If you have sex (even try) with your mother, I will kill you. I apologize for being so blunt, but creation can tire. Please do not overreact. In exchange for your mother’s body, I will mysticalize your hopelessness, and there will be literature. I assure you, the ultimate pleasure derived from this muted desperation will far outweigh the physical attainment of her. And don’t try anything stupid! Contrary to popular belief, I cannot be killed. That is a fallacy of literature’s hopeful byproduct, religion.
Having said all that, please reproduce.
Aside from the Surrealist mode, the dialogue occasionally veers into straightforward bits of autobiographical narrative. It is as if the dybbuks possessing the two authors take off for an impromptu vacation, and the two temporarily relieved writers converse in almost-human language.
Here’s Harris, speaking as himself:
Memory is a hunger artist, Adam, and my memory is the ruined prayer of Mnemosyne. As a boy of ten, freshly usurped from Paris, my entire physical presence was relegated to two eyes and large extended ears attached to a long thin torso. Our Brookline home was filled with books and imitation Louis XIV furniture. My father composed on his mother’s piano — serial chromaticism — I would later understand it to be, and my mother taught French. We lived a quiet, French-Jewish life in Boston’s colonial suburbia, save the physical violence dispensed upon me by my mother. Littered among biographies of Arnold Schoenberg and a vast collection of books from the Biblioteque de la Pleiade, were police reports and psychiatric evaluations. At twelve, the daughter of Yves Oppert, my mother, broke my arm. At thirteen, she broke my father’s collarbone.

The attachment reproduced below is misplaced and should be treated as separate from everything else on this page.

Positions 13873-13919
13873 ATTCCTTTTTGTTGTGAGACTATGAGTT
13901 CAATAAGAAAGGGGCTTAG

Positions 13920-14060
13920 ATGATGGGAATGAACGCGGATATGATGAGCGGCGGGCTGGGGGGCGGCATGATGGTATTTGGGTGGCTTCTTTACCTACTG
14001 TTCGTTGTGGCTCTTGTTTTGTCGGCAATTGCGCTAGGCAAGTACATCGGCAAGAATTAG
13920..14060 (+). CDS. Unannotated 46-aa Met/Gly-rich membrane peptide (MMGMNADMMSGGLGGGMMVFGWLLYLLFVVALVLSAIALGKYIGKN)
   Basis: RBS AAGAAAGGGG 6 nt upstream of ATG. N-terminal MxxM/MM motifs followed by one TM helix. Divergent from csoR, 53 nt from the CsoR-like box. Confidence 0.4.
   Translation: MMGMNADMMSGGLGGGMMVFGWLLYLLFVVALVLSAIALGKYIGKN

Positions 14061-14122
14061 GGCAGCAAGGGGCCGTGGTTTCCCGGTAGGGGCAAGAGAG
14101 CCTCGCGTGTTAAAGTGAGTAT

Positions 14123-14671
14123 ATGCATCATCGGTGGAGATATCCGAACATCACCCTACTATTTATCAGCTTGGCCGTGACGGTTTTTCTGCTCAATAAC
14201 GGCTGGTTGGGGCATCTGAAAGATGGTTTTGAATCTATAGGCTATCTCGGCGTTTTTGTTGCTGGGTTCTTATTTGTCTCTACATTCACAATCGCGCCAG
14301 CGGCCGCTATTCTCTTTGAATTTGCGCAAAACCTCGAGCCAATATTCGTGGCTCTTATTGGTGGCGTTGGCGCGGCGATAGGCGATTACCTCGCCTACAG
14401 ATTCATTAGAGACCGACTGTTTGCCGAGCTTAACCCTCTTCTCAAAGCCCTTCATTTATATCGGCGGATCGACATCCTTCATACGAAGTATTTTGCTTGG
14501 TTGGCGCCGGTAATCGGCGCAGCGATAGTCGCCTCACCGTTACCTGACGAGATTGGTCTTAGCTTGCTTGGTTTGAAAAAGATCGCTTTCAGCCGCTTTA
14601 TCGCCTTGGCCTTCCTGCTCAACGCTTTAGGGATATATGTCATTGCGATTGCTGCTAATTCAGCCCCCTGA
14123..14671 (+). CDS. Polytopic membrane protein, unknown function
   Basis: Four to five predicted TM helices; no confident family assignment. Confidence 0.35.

Similarly, here are two pieces from Shechter:
I have always been a tower of words crashing down in parental trickery — at thirteen years old they bribed me out of my Bar Mitzvah. Instead we took a trip to Disney World. At Epcot Center, not within the borders of any one specific national recreation but in between the numinous synthetic signifiers, I became a Man — three Jews wandering, loud shameful arguing in the Goy Land of Fun — Fun for the whole Jewish family. That was my parsha.
At eighteen, I am sorry to say I believed I was Jesus and was in fact plagued by other out of control Jewish boy thoughts.
The thrust of trauma, drama, and disorientation is so harsh that catharsis does not exactly arrive, and yet somehow follows behind the imagistic onslaught at all times. Not surprisingly, the book ends with a melt-down, which, however is not devoid of hope, or at least irony: the ghost of Paul Celan appears, addressing Paul Celan himself, as well as Daniel and Adam, and advises all:
Eke’s davar to hunks of swill,
the dry eye, pink, blur-crust
to pilaster strip — sees
Lecha Dodi marry itself.